Future sea changes: Indigenous women’s preferences for adaptation to climate change on South Goulburn Island, NT (Australia)

Future sea changes: Indigenous women’s preferences for adaptation to climate change on South Goulburn Island, NT (Australia)

Publication TypeJournal Article
Year of PublicationSubmitted
AuthorsPetheram, L, Stacey, N, Fleming, A
JournalClimate and Development
Keywordsadaptation, climate change, coastal, Indigenous, women

Research on South Goulburn Island aimed to improve understanding of Indigenous perspectives on climate change and options for adaptation within the scope of the local coastal and marine environment and resources utilised by the community. Workshops and interviews with participants emphasised the use of participatory, visual techniques to encourage discussion and visioning of the future.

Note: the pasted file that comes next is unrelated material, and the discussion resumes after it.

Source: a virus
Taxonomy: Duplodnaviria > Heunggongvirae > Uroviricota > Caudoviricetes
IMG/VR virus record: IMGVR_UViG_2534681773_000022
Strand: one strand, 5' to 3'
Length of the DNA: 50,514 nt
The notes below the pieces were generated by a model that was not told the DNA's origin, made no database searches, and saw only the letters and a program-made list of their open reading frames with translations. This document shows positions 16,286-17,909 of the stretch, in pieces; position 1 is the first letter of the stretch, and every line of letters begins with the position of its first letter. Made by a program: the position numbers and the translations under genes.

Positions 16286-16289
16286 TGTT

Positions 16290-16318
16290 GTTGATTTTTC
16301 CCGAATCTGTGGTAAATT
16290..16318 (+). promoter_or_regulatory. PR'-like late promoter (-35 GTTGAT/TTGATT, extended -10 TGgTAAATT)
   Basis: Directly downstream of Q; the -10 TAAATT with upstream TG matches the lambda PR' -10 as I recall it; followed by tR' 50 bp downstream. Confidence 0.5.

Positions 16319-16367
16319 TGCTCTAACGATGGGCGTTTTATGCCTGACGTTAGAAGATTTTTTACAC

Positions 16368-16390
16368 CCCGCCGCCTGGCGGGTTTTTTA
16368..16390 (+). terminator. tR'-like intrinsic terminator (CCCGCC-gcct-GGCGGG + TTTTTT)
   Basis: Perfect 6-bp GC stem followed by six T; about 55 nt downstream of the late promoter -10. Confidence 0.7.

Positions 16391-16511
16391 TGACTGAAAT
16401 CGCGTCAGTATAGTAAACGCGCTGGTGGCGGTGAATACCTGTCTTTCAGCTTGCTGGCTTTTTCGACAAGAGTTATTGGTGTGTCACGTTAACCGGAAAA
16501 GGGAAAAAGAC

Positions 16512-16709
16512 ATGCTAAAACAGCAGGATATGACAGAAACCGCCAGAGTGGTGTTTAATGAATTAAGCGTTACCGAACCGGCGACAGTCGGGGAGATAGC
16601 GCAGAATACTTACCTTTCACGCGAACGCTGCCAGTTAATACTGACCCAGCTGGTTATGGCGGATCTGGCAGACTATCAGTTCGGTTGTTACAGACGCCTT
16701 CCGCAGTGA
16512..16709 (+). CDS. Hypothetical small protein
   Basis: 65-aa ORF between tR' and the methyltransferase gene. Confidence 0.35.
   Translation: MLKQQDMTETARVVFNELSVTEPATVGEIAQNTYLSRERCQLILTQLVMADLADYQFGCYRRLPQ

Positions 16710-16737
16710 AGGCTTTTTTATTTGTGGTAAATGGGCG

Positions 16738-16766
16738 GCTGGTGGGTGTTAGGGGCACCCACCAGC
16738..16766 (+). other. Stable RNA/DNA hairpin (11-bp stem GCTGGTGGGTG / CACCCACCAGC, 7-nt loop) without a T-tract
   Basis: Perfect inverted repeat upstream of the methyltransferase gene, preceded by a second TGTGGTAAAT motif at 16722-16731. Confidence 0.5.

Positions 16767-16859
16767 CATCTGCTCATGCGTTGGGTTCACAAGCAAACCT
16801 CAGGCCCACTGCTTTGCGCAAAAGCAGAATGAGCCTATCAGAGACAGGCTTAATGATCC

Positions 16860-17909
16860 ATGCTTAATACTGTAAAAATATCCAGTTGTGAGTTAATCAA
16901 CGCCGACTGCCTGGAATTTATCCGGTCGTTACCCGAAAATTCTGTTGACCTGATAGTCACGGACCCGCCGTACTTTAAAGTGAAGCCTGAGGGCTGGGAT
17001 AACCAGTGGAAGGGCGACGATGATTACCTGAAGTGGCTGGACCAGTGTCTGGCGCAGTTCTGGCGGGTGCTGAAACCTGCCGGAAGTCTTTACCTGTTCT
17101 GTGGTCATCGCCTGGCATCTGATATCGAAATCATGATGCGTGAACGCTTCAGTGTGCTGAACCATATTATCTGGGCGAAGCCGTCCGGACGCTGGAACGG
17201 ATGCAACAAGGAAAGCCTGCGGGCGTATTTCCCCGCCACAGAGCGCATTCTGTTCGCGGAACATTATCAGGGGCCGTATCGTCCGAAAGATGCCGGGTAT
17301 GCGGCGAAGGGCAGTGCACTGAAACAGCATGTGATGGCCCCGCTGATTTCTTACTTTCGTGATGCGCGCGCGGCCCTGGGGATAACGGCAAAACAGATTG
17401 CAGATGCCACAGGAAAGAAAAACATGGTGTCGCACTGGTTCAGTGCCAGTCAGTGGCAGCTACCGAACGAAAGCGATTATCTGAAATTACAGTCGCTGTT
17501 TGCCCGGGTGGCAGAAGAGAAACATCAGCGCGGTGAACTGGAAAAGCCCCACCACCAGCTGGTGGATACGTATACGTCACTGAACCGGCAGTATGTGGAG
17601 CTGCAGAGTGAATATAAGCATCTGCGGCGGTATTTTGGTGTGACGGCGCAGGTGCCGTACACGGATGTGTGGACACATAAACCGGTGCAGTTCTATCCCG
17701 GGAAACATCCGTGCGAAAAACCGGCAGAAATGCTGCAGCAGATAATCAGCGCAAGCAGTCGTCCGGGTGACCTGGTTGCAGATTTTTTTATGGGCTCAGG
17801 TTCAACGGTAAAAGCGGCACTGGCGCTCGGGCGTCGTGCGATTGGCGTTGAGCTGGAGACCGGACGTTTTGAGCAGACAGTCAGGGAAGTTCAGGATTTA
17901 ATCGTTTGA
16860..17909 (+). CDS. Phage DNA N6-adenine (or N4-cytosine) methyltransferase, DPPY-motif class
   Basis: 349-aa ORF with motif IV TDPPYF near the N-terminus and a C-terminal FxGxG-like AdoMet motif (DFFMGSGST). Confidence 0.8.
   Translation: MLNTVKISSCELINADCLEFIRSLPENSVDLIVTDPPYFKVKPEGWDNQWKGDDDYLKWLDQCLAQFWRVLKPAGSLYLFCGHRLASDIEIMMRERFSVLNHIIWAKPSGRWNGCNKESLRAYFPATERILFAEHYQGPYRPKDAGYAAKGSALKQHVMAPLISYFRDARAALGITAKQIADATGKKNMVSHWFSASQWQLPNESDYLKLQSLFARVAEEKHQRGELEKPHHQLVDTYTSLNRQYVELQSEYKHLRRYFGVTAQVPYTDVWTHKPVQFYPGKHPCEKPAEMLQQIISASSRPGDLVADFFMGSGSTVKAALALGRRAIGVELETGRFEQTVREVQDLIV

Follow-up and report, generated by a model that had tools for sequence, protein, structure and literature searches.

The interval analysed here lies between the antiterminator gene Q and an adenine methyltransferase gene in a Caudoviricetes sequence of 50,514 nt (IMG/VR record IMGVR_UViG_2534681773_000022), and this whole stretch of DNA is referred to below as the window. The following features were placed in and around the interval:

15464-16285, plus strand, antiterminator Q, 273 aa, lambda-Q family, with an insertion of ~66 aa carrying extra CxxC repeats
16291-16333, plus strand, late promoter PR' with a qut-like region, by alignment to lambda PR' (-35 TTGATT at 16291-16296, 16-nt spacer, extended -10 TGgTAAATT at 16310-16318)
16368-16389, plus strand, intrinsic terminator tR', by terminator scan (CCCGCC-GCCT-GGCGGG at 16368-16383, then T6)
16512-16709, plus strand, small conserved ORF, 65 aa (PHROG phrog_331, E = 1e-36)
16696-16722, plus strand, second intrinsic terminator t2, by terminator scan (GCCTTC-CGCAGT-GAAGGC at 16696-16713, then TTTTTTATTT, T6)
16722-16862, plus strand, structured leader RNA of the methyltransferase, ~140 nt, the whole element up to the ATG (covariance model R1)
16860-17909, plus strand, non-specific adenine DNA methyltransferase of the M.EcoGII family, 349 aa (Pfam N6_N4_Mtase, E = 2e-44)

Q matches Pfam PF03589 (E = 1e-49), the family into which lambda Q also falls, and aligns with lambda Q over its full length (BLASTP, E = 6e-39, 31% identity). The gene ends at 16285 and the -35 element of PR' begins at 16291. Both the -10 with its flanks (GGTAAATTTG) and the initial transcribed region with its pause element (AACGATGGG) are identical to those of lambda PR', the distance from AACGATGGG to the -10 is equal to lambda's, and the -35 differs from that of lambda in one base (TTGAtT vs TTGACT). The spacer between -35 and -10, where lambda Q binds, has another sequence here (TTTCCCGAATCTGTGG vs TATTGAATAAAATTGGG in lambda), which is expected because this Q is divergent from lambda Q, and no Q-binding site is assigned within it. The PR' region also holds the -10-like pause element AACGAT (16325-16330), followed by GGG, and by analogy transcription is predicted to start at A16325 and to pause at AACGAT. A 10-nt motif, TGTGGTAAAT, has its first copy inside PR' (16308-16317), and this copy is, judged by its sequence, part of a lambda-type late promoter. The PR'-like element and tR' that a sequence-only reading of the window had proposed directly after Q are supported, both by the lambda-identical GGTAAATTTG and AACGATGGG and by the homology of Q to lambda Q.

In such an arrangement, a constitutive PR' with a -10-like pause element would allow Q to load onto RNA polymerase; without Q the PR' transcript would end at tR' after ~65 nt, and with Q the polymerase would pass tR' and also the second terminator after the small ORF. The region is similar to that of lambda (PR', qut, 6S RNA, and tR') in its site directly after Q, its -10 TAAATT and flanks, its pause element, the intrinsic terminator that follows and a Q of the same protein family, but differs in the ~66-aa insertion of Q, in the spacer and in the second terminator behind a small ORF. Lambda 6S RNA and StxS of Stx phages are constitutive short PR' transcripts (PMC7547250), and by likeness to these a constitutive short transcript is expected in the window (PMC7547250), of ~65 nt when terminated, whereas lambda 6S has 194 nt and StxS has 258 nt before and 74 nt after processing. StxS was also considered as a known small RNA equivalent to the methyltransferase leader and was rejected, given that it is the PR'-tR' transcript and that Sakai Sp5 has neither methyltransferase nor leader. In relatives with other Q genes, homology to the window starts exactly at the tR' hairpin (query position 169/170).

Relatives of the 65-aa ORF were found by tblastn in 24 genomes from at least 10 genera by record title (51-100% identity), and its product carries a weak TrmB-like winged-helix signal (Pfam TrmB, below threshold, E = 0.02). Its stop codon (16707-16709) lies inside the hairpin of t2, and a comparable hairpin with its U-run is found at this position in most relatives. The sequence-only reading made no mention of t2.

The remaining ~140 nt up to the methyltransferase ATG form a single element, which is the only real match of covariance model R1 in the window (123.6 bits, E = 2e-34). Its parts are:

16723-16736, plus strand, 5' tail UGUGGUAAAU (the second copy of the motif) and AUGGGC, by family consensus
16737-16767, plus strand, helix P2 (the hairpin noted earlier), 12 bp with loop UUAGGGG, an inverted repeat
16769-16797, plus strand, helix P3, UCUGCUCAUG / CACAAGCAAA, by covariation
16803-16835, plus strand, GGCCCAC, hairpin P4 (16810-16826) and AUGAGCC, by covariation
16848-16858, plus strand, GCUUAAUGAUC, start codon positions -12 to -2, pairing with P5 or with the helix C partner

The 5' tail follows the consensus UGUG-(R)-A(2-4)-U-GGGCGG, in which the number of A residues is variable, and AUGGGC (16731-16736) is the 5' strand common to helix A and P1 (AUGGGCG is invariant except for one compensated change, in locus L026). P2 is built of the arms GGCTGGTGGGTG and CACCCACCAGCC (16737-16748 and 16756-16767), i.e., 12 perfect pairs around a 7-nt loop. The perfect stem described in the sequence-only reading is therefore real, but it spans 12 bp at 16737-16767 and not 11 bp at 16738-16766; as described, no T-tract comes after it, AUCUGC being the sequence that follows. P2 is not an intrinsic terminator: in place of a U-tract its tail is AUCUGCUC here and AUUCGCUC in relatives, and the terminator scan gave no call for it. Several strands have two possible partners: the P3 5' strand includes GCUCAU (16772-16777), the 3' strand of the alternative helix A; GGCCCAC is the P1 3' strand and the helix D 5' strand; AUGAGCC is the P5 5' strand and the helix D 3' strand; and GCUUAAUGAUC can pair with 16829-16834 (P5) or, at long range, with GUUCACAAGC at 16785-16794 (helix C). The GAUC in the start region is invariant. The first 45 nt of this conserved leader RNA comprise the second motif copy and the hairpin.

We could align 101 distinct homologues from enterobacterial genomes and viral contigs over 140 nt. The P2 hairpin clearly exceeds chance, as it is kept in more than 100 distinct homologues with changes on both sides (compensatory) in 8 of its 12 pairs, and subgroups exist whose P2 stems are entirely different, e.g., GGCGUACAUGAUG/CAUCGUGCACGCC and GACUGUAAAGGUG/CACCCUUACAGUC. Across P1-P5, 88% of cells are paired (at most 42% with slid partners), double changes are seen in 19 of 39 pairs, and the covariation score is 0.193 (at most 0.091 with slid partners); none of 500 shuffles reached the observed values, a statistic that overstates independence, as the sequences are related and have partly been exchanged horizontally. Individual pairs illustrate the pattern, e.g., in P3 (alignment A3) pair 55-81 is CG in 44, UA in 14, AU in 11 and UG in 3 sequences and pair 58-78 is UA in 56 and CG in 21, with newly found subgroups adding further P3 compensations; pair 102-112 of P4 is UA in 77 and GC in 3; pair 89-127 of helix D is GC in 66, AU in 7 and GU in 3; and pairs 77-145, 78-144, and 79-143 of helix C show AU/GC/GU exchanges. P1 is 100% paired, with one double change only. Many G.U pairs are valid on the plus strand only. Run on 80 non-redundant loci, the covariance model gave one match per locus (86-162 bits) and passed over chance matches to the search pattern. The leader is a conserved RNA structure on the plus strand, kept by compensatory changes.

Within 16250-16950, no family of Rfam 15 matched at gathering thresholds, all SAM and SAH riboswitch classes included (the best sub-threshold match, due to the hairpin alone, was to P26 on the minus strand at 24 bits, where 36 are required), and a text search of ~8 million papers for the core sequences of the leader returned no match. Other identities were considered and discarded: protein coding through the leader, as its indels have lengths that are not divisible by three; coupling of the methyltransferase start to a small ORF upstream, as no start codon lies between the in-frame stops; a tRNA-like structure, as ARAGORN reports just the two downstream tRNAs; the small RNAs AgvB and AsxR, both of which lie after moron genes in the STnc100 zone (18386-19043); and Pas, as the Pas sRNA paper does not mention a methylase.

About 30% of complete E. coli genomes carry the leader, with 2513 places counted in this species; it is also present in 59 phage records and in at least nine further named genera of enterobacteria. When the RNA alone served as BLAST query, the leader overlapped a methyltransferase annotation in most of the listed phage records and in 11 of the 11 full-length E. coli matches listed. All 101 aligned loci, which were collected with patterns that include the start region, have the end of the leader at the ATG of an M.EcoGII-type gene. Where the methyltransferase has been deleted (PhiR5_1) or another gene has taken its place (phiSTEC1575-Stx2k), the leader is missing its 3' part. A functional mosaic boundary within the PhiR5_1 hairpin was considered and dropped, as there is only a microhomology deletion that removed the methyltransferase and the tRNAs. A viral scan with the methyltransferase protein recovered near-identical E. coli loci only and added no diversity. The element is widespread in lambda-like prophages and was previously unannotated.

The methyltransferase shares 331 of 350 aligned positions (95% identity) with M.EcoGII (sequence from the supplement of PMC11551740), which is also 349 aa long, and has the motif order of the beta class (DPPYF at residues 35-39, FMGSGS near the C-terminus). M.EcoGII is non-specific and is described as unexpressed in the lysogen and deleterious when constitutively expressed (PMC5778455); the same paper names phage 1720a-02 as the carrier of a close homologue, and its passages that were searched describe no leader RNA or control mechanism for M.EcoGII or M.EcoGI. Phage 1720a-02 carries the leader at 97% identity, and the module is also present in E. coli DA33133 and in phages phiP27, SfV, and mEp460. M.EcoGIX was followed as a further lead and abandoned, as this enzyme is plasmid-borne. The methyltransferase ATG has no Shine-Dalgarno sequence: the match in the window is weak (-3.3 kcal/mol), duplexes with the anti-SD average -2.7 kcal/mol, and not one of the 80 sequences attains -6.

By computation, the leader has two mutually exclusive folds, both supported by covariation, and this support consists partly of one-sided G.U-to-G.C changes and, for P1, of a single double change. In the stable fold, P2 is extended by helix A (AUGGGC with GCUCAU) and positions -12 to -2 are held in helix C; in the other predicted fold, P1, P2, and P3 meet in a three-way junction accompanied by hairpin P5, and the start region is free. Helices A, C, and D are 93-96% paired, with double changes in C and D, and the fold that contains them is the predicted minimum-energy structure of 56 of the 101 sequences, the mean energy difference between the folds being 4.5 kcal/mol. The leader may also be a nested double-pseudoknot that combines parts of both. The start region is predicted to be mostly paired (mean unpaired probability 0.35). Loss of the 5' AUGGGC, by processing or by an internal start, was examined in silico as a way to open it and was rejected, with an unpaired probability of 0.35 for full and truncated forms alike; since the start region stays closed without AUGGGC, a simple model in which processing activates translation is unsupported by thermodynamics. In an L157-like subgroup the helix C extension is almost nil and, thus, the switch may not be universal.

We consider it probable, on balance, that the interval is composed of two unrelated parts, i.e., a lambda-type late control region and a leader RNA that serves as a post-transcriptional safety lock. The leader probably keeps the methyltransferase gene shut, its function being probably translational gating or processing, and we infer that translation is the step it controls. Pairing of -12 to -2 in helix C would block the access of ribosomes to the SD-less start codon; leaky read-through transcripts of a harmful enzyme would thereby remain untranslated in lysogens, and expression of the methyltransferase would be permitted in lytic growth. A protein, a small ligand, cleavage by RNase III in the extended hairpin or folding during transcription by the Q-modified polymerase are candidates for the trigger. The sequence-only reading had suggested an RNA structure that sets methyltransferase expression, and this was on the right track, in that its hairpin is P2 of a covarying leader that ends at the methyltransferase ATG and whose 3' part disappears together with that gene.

Participants indicated very limited understanding of western concepts and English language terms associated with climate change and why change was occurring. People thought climate change was a phenomenon occurring elsewhere in the world. However, in deeper conversations, many reported observing unusual patterns of environmental change they could not explain by other means. These observations, combined with changes in customary practices and loss of local knowledge in recent years, worried participants, particularly the elderly. The idea that climate change was resulting from human impacts on the environment was an easy concept for most participants to grasp. The demonstrated worldviews of participants was dominated by social and cultural links to the past and present, but had weaker linkages to western concepts of ‘the future’. Thus, discussions around planning adaptation did not generally fit easily into peoples’ framings of their worlds. People’s preferences for adaptation concerned: building general community capacity, drawing from customary knowledge, being more involved in decision-making, and learning more about scientific knowledge relating to climate change. Enabling collection of plant and animal foods and associated interaction with the landscape was also considered important to improving community independence, resilience and wellbeing for adaptation.


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